Former Colt gridder now making a name in rugby
The history of Coal Region football is well-documented, but, in reality, not everyone who leaves area high schools with expectations of playing in college actually makes it to the field. Be that as it may, there's an alternative to it for those who want to continue to compete.
"Rugby is an amazing game," says Pat Boyle, a 2003 graduate of Marian High School who found his niche at Villanova University and continues to play the sport in "men's club" while coaching it at Temple University.
Boyle's Owls will be among 16 teams participating in the NBC-sponsored "USA Sevens Collegiate Rugby Championship" to be played this weekend at the Philadelphia Union Stadium, Chester. "Sevens" refers to a seven-man team, which, Boyle says, is gaining notoriety inasmuch as the Olympics committee has adopted that version of rugby for competition in the 2016 games.
A son of John and Kathleen Boyle of Tamaqua, Pat hopes area residents, particularly high school students - will take a look at the game he calls "an unbelievable spectator sport."
His journey from a 5-7, 175-pound noseguard for the Marian Colts to the rugby field is quite interesting. "When I went to Villanova, I was looking for something to do and rugby filled that void," he said. "I developed later in life, and while I'm still the smallest guy on the pitch, 160 pounds, athletically, I came into my own in college as my fitness and speed just kept growing."
For his current teammates as well, it is a stretch to think he was a noseguard. "A lot of my teammates now are former Division I athletes who came to rugby after college, and I still get many funny looks when I tell them I was a noseguard. Every athlete's body is different, it just took my body 20 years to figure it out," Boyle said.
Boyle began playing for VU and on summer break from school started playing for a men's club in Bethlehem. That's where he met Emil Signes, considered by many as the"godfather of USA sevens," who introduced him to seven-man rugby. "For me, at first, rugby was somewhat social, but I saw the other side of it," Boyle said. He called Signes the "John Wooden of seven-manr ugby," pointing out he learned things about the game that someone who plays it socially would never learn. Boyle said, "Emil and even more so Emil's number one pupil, Joe Morrison, took my game to a whole different level. Rugby was no longer something I did. It became a matter of how far could I go with this."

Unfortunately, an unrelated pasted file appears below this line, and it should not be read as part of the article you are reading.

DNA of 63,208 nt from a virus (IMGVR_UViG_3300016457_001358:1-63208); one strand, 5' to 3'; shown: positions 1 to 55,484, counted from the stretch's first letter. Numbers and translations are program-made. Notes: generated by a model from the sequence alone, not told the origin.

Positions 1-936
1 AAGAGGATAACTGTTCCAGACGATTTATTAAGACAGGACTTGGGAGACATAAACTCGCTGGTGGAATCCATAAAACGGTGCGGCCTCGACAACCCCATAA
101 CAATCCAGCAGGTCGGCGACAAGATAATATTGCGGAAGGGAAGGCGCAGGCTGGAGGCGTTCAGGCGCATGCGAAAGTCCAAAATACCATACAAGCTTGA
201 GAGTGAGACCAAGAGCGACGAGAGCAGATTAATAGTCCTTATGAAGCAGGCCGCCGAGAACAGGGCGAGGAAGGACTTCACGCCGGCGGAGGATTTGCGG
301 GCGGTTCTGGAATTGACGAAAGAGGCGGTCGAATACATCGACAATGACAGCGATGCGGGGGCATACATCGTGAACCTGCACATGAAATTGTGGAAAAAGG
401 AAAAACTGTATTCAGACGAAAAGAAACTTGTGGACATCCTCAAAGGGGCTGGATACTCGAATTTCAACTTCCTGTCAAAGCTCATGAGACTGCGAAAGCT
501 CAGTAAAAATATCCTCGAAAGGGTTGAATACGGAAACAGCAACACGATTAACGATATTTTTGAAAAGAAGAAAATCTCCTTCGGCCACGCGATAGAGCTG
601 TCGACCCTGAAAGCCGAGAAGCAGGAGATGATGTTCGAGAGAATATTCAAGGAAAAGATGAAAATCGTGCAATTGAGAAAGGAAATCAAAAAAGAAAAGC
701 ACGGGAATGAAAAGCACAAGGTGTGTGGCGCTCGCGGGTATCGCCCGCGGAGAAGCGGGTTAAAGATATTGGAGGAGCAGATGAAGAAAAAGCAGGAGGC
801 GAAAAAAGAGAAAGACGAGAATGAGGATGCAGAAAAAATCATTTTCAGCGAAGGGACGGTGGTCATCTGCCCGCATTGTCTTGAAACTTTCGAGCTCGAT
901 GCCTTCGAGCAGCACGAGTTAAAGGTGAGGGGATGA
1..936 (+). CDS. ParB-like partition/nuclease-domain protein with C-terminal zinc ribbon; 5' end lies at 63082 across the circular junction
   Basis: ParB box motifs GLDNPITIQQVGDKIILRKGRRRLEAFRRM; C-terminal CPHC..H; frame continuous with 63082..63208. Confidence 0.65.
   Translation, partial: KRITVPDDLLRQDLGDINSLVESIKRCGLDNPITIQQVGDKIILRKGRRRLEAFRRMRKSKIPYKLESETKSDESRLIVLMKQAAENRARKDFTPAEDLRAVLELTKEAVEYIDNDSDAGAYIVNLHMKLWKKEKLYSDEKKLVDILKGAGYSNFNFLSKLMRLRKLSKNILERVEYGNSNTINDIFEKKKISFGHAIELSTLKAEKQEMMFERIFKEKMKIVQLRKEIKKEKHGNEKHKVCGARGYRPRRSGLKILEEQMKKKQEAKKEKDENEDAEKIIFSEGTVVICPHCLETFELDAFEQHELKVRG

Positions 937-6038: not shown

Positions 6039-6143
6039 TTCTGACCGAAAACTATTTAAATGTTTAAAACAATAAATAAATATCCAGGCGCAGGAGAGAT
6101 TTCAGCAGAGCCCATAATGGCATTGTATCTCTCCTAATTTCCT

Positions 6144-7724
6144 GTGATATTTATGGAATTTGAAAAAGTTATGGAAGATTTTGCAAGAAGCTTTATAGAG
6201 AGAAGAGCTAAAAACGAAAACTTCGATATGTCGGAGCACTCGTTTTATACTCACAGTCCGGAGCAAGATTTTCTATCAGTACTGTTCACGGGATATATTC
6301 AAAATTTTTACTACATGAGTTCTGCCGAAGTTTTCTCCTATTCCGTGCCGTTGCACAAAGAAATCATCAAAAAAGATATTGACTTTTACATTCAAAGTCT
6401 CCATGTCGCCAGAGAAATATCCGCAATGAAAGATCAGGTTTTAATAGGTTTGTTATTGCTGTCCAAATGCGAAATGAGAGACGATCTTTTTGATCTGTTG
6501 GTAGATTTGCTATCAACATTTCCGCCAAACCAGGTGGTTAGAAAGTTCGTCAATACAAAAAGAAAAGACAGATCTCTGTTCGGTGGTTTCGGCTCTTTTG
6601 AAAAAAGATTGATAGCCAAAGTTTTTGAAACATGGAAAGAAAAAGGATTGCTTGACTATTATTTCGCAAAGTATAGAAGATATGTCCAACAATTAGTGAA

Through his playing experience, Boyle has traveled to places like Trinidad and Paraguay. "The whole rugby experience has been great," he said.
Although rugby is not a NCAA sport, college campuses have been introduced to the game at a rapid pace. Typically, colleges play 15-man lineups. The game is not governed by the NCAA, but runs through U.S.A. Rugby, Boyle said. Because of that, it is "very rare" for rugby to have "varsity status," in colleges, with around 10 schools in the country actually having it listed as a varsity sport.
"Sevens rugby is a true gladiator sport," Boyle says. "It's sprinting for 14 minutes (seven-man teams play two seven-minute halves). There are no pads, but lots of hitting. The pace is blistering, and it's basically passing, catching, running and tackling without the benefit of linemen."
As the Temple coach, Boyle oversees a squad of 12. They practice three nights per week, while a fourth night is set aside as a mandatory fitness night. "The word, 'club sport' gets thrown around a lot in rugby, but people who come out and see these kids train will find out very quickly that this is no club sport," he said.
Boyle likens the regiment to high school football players' schedule, noting to be competitive requires commitment. He said, "In the Coal Regions, there were so many great athletes, me not being one of them, in high school. They practice, practice, practice, and then play, and then, all of a sudden, careers (in football) are over. I found, and think others will too, that rugby is there for so many people, if only they can learn about it."
Boyle, who currently plays for the Schuylkill River Exiles, Philadelphia, added, "Rugby is a great avenue for the many athletes of our area to get involved with in college, instead of not competing competitively if they are no longer playing football. Even if they do play a sport in college, it's there after as well."
The "sevens" tournament is something NBC started three years ago when rugby sevens was accepted into the Olympics for 2016. Since then, more and more people are coming to learn the game and enjoy playing and watching it.
That's why Boyle is recommending sports fans take in this weekend's championships."It's an unbelievable spectator sport too," he said.
NBC Sports will telecast the games on Saturday, June 2, from 2-4:30 p.m., while NBC will air them the same day from 4:30-6 p.m. On Sunday, June 3, the telecasts will resume from 2-4 p.m. on NBC Sports and from 4-6 p.m. on NBC.
Since his graduation from Villanova in 2007, Boyle has been employed as the assistant budget director for the Division of Developmental Disabilities for the State of New Jersey. He is married to the former Lauren Campanelli of Langhorne. The couple resides in Jenkintown.
For more information about rugby "sevens" and the tournament, go to www.usasevenscrc.com.